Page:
Little Willy comes to Edmonton from a sold-out three-week world premiere run at the Cultch in Vancouver and a trio of sold-out weekend performances at the High Performance Rodeo in Calgary. After TN, the tour includes dates at Victoria’s Intrepid Theatre, Stanford University in California, Le Diamant in Quebec City and the Centaur in Montreal. It’s a tour Burkett didn’t see coming, given the pandemic givens. “No one was more surprised than me….”  

“Ha!, my first comeback tour!,” he says, as that unmistakeable laugh rumbles across the phone from Vancouver last week. 

Burkett spent last year building another show, “a hand puppet salon show” called The Loony Bin. “At the beginning of the pandemic I didn’t know when and how we’d go back to work…. So I figured I’d better have a small show that fits in a car, a show I can set up myself… like when I was a teenager touring in Alberta (the Medicine Hat-born puppeteer hit the road at 14).  So I built 18 hand puppet characters and a little stage that would fit in your living room. I control lights and sound.”

He has another “big scripted show” in the works, Wonderful Joe, about an old man and his dog. But the time, out of joint as it is, seemed more propitious for something lighter and giddier.  

Little Willy photo supplied by the Ronnie Burkett Theatre of Marionettes

In Daisy Theatre tradition, there’s lots of (masked) audience interaction. As always, Dolly Wiggler starts the show with a strip number, this one with Elizabethan top notes, cue the recorder and lute before it all goes brassy. It’s one of the the five new songs created for Little Willy by composer/ lyricist/ pianist/ musical arranger John Alcorn, Burkett’s real-life partner. And it mirrors the structure of Shakespeare’s opening prologue in the play, Burkett points out. Alcorn’s little song for Schnitzel at the end has the same structure as the final stanzas of the play, too. “Yup, Mr. ‘I know nothing about Shakespeare’ Alcorn got up to speed pretty quickly.” 

For a self-producing artist the pandemic that dragged on and on posed a couple of crucial and related questions. “(a) how do I re-boot? and (b) do I want to? A year off was nice; I’d never have taken a sabbatical otherwise. But almost three?”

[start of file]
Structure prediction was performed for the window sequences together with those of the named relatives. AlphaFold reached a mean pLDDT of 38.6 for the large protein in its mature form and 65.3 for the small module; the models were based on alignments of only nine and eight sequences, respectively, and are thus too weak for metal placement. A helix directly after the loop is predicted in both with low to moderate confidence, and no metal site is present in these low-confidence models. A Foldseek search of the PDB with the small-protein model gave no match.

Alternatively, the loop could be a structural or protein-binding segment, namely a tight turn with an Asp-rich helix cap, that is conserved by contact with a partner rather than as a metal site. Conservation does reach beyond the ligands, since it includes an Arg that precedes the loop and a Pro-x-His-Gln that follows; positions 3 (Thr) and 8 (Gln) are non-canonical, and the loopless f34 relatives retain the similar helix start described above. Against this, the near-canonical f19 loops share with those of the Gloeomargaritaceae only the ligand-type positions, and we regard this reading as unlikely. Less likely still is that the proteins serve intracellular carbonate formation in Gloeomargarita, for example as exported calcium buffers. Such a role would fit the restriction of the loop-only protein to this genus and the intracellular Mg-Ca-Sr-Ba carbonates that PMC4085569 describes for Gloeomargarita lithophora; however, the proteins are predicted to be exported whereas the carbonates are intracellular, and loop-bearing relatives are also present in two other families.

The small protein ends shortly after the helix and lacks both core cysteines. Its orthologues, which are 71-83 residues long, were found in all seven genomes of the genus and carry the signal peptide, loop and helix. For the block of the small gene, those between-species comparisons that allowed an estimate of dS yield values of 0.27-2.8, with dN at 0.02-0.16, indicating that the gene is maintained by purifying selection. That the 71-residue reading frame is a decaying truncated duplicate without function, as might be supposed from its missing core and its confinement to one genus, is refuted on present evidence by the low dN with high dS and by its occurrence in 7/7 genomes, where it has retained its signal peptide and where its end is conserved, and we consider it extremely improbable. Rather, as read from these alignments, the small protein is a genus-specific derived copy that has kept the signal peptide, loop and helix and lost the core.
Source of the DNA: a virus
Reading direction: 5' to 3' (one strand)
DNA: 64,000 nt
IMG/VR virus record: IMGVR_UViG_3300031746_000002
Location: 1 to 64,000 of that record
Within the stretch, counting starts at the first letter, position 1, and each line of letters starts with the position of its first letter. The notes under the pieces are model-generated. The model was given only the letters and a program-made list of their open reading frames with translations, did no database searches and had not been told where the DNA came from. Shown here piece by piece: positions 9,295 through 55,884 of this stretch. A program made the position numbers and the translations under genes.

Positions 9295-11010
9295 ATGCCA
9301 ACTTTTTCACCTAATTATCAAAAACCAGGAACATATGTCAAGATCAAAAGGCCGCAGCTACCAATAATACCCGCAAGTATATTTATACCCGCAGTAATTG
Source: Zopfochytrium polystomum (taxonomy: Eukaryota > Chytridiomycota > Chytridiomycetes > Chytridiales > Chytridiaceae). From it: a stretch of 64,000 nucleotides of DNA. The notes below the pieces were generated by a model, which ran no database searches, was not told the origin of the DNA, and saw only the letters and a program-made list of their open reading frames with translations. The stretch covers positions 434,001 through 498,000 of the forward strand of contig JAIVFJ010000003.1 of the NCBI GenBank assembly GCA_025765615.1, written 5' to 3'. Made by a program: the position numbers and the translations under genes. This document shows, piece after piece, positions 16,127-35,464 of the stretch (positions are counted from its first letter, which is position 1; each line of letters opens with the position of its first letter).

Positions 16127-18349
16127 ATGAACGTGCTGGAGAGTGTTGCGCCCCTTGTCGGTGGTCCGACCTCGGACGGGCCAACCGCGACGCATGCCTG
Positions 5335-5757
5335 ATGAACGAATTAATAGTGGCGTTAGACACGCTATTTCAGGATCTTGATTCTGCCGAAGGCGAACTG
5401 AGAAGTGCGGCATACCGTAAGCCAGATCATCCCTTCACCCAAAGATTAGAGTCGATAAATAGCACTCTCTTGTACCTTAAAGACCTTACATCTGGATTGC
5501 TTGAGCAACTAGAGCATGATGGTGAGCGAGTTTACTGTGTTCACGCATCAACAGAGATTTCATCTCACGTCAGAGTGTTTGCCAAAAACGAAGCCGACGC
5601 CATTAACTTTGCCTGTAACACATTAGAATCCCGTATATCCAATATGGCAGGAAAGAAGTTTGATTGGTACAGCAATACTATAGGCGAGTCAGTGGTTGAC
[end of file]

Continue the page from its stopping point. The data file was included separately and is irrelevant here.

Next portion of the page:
Ronnie Burkett

Burkett emerged from his Toronto studio in the most dramatically fraught way possible in COVID-ian times. He took his play Forget Me Not to Europe last May (it ran at the Fidena Festival in Bochum, Germany). It’s a show “for 100 people max” built on audience interaction: “everybody gets a hand puppet, as a sort of Greek chorus, and I’m right in the middle of them….” Disinfecting hand puppets after every use isn’t in any puppeteer manual. “So we had everyone pre-glove, a condom for the hand.” 

Right after that, he rented a car, drove to Montreal, and did The Loony Bin for a week at The MIAM, in a tiny and beautiful new international marionette centre there. “Such a nice way to meet the public again … a sort of hand-puppet Daisy Theatre in a way, totally improvised.” 

And now, as the only member of the company whose head isn’t made of wood and papier mâché, Burkett is on the road with the Daisy Theatre, named in honour of the subversive underground puppet shows in Prague during the Nazi Occupation. And come Wednesday, as the headliner at TN’s new contemporary adult ‘Another F!#@$G Festival’ (as yet to be officially named, by theatre-goers), Burkett is “really happy” to be back at a company that’s been, he says, seminal to his career, . When Awful Manors premiered at the Roxy in 1990, a gothic romance-thriller murder-mystery musical with 17 characters and 43 marionettes, Theatre Network was, as he has said, his first “legitimate” stage after the Fringe.

Tinka’s New Dress, Street of Blood, Happy, and Provenance (which premiered here in 2003) all played the Roxy — plays that changed the course of Burkett’s career, and claimed for puppets something they hadn’t had in Canada, a rightful home in the adult theatre.

Much has changed since 2003, to be sure, not least that the Roxy burned to the ground in 2015 and has risen again on that very 124th St. footprint seven years later. Burkett brings with him vivid memories of seeing long queues outside the Roxy doors, and watching people rush into the theatre and down the aisles to throw their parkas down and claim a spot. Wait till Burkett and his company see the new Roxy bathrooms. 


Little Willy

Theatre: The Ronnie Burkett Theatre of Marionettes

Created and performed by: Ronnie Burkett

Where: Theatre Network at the Roxy

Running: Feb. 8 through 11